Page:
So there you go it is now possible to run MaxL against any accessible Essbase server, if you need help Oracle let me know :)

Well that is the administration module covered and in the next part I will look at the data and metadata query module.

Friday, 22 January 2016

Essbase Web Services Part 2

I have finally got round to writing up the next part in this series of posts looking at Essbase Web Services.

In the first part I provided an overview of the Web Services, how to get up and running, some pitfalls and bugs and then a few examples.

If you have not read the first part then I recommend you do as the assumption will be that you are familiar with the Web Services.

As I explained in the first part there are three modules that make up the Web Services, these are:
  • Datasource
  • Administration
  • Data and Metadata Query
Today I am going to focus on the operations available in the “Datasource” module which I did touch upon in the last post.

In the examples I am going to be using Boomerang which is a great free SOAP and REST client available for Chrome though there are plenty of other free clients available for the majority of browsers.

I am also going to provide some examples using PowerShell like I did in my previous posts about the Planning REST API, I have only selected Powershell because it is easily accessible if you are running a Windows OS and I am sure many consultants and administrators who have experience in batch scripting have also played around with it a little.

If I was to pick Java and started posting lots of code I am sure it would end up baffling more and do more harm than good than displaying some small PS scripts, I have no affiliation to it and in the end it is your choice which language you feel most comfortable with and want to access the Web Services with, the good thing is you should be able to interact with the services using any language.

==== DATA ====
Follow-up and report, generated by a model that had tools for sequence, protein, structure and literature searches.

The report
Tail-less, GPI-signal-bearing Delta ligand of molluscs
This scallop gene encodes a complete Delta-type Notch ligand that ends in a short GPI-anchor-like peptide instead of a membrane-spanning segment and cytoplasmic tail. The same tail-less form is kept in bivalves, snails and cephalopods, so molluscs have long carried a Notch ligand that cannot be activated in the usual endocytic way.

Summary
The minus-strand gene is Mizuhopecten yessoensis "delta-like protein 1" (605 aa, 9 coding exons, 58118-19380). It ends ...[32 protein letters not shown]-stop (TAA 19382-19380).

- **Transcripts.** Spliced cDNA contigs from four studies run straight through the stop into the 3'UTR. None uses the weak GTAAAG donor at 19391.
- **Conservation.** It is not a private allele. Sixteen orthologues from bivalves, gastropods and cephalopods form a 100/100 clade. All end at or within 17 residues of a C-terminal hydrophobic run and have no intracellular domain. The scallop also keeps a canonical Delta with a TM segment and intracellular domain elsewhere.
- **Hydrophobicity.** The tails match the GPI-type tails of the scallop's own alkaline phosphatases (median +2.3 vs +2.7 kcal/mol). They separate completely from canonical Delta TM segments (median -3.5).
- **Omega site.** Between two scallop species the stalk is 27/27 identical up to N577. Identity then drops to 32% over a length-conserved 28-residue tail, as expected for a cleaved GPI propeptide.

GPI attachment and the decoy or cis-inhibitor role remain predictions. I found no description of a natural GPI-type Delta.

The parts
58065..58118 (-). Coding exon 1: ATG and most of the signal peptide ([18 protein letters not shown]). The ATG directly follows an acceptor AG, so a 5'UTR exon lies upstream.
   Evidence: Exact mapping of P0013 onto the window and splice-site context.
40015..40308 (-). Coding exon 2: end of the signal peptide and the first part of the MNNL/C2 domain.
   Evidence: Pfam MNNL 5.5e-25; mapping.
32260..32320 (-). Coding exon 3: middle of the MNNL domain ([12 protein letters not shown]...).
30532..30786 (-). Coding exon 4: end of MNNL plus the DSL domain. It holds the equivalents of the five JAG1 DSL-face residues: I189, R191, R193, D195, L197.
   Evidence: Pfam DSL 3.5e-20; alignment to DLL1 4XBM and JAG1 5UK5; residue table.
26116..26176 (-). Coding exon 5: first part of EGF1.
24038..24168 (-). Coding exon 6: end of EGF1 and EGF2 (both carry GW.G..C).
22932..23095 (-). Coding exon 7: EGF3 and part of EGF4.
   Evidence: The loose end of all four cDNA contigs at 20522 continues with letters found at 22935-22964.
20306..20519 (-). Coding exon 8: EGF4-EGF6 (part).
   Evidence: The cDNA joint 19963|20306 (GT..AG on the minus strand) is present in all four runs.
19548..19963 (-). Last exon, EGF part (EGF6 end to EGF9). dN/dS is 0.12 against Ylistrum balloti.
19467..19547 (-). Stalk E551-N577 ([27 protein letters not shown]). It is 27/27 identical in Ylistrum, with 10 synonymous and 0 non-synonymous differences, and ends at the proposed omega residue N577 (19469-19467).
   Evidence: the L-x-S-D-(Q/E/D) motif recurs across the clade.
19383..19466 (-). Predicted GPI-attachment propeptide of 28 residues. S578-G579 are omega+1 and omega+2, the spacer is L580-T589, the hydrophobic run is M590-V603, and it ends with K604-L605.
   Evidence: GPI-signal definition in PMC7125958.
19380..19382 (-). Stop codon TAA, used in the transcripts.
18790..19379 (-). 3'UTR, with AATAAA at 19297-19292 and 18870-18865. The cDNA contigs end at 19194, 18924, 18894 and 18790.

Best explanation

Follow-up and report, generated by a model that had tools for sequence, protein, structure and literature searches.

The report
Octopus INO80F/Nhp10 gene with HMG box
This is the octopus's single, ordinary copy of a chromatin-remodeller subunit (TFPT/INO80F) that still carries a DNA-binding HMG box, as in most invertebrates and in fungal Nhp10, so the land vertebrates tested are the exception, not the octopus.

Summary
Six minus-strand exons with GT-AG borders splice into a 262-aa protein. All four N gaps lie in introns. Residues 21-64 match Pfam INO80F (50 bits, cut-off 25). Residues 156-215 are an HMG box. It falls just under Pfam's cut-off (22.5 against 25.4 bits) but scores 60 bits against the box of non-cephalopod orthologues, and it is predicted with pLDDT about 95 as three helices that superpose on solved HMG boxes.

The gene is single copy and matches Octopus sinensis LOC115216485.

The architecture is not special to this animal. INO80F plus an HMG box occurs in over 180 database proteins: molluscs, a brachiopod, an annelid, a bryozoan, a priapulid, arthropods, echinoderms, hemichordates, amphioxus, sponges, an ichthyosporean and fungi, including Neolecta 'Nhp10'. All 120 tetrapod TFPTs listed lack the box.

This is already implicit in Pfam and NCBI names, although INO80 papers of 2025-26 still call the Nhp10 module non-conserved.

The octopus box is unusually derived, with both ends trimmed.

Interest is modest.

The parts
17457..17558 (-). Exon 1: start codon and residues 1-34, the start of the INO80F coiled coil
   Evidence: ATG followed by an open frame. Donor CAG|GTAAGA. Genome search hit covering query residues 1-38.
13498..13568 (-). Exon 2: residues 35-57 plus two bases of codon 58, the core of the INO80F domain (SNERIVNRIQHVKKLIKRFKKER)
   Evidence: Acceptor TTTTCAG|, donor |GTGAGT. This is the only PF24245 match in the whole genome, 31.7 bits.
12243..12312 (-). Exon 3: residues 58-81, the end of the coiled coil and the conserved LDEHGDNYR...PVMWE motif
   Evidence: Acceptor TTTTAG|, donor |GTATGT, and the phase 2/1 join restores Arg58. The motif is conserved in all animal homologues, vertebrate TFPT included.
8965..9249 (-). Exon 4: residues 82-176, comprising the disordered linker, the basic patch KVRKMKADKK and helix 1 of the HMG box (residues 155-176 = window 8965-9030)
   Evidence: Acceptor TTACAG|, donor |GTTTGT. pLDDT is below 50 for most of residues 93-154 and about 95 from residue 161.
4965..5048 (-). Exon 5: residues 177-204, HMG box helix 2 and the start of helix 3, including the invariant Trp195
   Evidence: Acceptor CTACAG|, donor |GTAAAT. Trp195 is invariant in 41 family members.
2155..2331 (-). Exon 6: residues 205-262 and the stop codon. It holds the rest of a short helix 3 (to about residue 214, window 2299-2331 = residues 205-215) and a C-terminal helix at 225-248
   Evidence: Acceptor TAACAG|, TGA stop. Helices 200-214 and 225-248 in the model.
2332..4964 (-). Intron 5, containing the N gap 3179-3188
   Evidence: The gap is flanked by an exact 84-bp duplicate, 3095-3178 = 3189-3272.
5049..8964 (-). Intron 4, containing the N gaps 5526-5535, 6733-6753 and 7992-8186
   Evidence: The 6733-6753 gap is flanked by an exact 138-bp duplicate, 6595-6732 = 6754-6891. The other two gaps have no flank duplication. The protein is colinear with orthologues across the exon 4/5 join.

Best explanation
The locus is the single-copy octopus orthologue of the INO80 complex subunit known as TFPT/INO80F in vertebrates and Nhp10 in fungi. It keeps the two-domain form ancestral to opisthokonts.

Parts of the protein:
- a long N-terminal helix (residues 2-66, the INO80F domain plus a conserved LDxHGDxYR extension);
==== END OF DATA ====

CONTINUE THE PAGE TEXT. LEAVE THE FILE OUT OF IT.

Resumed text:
Right as you know this blog is not about waffle so let’s get down to seeing what can be achieved with the Datasource module.

The WSDL URL for the Datasource service is:


Once the WSDL URL has been added to the client the operations available will be returned.

In the last part I did provide some examples on the “getTypes” and “list” operations but I will quickly go over them again.

The “getTypes” operation does not require any input values in the SOAP request.

The response will be a list of types that can be used in the other operations.

The response also gives an indication to what is meant by "uri" and "urid" which is used throughout the different operations.

To achieve the same results using PS only requires a few lines of code:

In the script I used the “New-WebServiceProxy” cmdlet which I did in my posts about the Planning REST API, the cmdlet is great for RESTful Web Services but as you are about to find out not so good with the Essbase Web Services which are SOAP based.

Moving on to the “List” operation which the documentation only provides the following information:
  • List()
  • Input: UriType, URI
  • Output: BaseObject[]
To be honest the documentation is up there with the worst out there and assumes you are a mind reader and are using the Java examples.